“I’m surprised there are so few people here, usually New Haven gigs are always a late arriving mob. But they arrive! Have you guys been playing down here much?” it had been seven years since my last Bold Schwa show in the Elm city.

“We play here about once every six months, and yeah, this is a new quiet for us. Could be… Tuesday?  Could be break is over and the college kids have work to catch up on…. Could be this show should have been booked in New London.” He chuckled after a pause, and then continued his train of thought.

“You know, we’ve been doing this a long time, and I just don’t care about how many people show up anymore. I just want to get up there and do what I do.”

It was refreshing to hear his back to basics attitude. We had found ourselves in the same position with Thames after the CMJ press yielded no record deal. Let’s just play. Sort of an athlete’s mindset, within a musical context. I had to remember what Chris was preaching, as our initial success was somewhat intoxicating.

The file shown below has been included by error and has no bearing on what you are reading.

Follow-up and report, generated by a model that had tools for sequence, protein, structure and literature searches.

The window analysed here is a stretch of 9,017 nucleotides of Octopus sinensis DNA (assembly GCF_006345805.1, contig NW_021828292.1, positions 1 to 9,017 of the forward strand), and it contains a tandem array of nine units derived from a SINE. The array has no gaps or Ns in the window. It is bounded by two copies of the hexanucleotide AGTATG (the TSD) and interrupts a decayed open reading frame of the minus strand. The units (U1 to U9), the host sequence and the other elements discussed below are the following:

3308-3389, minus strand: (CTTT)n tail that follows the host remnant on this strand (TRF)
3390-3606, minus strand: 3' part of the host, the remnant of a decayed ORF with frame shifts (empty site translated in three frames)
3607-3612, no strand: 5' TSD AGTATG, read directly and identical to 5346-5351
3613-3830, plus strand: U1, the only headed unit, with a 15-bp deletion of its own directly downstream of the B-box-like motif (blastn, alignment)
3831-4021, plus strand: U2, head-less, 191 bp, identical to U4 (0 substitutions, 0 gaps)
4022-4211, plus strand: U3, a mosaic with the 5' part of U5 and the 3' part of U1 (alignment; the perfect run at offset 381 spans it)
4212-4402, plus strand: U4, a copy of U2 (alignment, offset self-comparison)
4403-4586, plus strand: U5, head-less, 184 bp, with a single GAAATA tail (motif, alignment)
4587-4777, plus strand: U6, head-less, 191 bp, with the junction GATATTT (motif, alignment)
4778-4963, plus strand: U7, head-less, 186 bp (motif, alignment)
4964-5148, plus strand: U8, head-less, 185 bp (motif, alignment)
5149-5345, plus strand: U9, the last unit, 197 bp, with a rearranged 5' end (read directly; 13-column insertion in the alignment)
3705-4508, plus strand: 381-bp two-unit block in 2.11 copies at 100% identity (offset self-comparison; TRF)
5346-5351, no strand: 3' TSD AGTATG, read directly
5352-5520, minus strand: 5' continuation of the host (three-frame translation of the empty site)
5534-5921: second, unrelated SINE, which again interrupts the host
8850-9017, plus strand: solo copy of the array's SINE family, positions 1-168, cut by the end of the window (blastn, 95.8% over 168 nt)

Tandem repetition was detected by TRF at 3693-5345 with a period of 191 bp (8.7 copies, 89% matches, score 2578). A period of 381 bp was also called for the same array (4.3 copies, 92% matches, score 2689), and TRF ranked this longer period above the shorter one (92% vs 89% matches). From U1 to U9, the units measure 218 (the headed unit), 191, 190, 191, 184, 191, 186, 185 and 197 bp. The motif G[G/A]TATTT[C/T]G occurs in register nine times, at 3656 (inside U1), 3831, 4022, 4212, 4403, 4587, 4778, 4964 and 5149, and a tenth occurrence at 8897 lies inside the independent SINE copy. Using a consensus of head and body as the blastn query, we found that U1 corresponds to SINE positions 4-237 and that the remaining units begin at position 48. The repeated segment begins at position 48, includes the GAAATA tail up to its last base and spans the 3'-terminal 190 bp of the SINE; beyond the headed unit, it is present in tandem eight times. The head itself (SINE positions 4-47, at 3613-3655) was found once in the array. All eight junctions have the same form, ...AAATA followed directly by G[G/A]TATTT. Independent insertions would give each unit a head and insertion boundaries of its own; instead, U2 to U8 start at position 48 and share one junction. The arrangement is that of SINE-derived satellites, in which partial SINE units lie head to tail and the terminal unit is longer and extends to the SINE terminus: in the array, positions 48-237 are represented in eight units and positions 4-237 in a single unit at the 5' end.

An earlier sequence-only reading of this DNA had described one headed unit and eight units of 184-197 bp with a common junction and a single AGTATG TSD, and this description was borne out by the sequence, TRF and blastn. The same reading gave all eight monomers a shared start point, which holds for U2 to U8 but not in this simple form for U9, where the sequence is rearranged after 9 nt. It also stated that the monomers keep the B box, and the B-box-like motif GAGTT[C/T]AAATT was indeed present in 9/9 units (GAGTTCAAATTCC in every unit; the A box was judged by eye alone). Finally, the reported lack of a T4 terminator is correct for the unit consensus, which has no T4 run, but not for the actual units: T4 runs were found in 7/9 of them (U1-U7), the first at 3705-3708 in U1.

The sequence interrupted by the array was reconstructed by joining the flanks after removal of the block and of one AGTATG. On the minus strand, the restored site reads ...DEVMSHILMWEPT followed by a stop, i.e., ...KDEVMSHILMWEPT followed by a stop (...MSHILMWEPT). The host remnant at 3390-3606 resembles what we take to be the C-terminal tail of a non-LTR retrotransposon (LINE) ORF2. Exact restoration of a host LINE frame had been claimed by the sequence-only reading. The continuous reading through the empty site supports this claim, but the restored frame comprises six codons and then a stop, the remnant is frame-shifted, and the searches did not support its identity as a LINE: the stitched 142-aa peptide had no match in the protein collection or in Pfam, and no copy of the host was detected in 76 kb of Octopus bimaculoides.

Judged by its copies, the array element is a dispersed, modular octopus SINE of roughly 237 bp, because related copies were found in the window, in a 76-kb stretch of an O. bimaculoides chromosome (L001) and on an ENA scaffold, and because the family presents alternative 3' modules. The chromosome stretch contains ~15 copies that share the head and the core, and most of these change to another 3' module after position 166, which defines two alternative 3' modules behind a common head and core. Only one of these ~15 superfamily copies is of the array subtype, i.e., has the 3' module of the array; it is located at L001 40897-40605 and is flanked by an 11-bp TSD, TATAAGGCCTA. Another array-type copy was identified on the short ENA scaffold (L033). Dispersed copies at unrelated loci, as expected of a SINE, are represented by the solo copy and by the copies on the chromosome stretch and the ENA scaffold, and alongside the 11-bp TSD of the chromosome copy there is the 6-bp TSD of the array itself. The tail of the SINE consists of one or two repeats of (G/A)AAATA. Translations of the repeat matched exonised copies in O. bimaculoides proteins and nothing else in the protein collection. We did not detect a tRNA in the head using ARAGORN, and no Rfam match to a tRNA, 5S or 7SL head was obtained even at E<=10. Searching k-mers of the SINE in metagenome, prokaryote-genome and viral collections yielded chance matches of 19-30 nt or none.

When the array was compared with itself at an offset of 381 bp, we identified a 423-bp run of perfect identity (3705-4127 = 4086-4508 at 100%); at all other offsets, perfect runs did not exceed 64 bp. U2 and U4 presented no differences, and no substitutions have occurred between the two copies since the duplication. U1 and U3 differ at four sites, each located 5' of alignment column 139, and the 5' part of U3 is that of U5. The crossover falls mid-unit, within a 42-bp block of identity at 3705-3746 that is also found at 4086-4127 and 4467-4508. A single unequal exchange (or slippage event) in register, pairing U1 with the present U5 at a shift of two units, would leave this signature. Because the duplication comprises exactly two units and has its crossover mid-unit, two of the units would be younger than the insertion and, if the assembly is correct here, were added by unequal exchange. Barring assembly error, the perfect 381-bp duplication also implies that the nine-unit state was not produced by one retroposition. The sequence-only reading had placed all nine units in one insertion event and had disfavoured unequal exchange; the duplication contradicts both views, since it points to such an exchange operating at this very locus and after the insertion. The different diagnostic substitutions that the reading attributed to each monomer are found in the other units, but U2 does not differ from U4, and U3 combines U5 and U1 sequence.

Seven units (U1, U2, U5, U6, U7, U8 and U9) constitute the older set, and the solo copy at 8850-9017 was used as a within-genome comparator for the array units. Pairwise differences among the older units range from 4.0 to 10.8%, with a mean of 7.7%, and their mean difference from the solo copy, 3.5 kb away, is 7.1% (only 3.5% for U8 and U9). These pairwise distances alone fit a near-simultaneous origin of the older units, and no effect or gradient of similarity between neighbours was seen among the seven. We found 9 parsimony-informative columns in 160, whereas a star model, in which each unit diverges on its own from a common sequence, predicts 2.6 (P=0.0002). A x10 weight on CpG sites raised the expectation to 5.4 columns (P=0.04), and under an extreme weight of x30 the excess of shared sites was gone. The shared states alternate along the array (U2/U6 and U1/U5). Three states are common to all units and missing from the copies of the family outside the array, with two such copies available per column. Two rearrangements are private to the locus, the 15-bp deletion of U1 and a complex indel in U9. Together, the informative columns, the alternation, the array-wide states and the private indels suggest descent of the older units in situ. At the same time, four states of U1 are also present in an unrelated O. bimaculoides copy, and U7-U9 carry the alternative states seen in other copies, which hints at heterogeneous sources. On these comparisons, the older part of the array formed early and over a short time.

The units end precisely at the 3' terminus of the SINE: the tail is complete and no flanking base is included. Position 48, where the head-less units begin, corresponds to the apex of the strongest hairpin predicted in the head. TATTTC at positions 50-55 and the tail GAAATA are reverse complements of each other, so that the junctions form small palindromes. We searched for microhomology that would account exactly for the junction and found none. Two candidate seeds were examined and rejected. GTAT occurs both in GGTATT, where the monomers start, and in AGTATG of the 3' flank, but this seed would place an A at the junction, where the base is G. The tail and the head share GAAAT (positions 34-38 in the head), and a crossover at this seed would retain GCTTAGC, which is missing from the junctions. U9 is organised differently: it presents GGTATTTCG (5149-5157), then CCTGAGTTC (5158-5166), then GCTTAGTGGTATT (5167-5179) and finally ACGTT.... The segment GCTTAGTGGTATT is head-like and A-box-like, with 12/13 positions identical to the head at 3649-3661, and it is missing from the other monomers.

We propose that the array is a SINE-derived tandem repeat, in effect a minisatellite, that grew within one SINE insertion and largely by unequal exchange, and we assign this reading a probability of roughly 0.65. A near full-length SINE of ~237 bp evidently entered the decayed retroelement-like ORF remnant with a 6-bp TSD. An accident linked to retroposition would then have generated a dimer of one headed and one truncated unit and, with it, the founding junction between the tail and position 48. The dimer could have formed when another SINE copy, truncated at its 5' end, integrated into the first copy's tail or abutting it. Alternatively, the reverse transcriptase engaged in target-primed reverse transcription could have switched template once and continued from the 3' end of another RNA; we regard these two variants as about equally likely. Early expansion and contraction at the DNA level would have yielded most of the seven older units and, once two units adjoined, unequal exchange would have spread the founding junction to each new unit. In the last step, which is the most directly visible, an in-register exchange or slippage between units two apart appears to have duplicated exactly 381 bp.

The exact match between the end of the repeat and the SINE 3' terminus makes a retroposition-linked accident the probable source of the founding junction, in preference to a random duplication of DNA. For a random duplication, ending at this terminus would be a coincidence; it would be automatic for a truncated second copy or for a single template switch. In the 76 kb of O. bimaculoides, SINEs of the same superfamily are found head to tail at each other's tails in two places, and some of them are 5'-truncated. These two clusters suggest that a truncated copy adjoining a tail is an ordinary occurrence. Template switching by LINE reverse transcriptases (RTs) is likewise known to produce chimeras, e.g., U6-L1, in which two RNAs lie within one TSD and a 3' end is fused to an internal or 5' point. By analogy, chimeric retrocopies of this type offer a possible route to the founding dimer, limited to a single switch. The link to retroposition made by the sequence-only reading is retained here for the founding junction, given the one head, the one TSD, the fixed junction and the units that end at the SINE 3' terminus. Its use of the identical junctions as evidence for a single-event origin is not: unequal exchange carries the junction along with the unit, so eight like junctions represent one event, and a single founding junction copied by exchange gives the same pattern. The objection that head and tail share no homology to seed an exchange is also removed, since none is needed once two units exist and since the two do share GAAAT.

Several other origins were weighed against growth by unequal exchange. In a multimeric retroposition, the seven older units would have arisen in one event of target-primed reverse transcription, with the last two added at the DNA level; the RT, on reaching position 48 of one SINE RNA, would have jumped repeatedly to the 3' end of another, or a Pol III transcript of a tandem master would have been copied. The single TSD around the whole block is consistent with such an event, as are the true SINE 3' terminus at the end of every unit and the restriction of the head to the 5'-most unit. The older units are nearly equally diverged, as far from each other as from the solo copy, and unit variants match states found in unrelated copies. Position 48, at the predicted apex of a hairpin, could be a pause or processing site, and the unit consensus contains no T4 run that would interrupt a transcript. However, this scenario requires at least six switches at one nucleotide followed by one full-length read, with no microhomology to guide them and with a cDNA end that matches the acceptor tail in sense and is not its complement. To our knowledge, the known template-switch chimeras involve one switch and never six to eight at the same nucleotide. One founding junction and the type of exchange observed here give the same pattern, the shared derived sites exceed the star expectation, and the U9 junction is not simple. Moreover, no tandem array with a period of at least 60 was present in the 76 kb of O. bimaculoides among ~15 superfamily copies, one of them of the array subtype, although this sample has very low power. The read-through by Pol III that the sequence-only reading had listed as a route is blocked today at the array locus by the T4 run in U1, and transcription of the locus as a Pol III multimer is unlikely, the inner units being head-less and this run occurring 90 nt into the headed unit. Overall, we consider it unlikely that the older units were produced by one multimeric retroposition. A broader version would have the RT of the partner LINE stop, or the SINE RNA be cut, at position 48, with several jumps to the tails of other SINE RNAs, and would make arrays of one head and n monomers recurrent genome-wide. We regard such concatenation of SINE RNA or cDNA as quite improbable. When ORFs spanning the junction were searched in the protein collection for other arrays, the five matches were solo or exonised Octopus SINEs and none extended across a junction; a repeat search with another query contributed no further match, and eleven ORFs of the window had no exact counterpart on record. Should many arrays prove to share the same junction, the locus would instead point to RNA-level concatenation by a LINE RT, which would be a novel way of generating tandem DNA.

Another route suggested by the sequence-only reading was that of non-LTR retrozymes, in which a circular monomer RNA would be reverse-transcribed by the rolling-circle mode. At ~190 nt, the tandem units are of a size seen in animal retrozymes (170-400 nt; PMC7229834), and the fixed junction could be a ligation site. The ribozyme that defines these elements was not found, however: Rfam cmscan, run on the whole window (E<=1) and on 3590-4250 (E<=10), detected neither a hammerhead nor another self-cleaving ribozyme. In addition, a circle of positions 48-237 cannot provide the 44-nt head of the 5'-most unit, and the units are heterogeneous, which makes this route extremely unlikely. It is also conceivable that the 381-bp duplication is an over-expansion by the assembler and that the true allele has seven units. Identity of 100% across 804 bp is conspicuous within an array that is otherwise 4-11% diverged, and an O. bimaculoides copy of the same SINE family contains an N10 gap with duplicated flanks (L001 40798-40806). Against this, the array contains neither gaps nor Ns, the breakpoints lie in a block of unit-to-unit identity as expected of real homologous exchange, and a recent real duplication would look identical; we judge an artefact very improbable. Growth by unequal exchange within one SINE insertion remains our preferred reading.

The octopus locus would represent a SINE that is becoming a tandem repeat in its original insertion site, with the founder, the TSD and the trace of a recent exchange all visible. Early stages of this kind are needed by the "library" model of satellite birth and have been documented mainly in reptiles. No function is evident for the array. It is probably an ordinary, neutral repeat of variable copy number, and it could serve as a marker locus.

And yet, there were certain parameters that had to be held to a most stringent manner of discipline.

Blow Up had watched every note of our set, and they were friends and contemporaries. But after four songs of their show, I noticed that I was the only member of Piercing in the room. I briskly stood up and walked out the back door when they began their next song with sturm und drang. I passed Adrian, who was on the phone with his girlfriend back in Brooklyn. As he had to board a train in New Haven to Grand Central by 11pm, he was more than likely discussing his return to their tiny apartment. I continued across the street, into the small lot where I had parked the van, where inside Jocelyn, Rudy, and Todd were participating in one of the rituals a rock band. But this was no time for selfish isolation.

“GUYS! What are you doing? The Blow Up watched our whole show, and they are four songs in and you are still in the van? Come on, you don’t want to be that band……”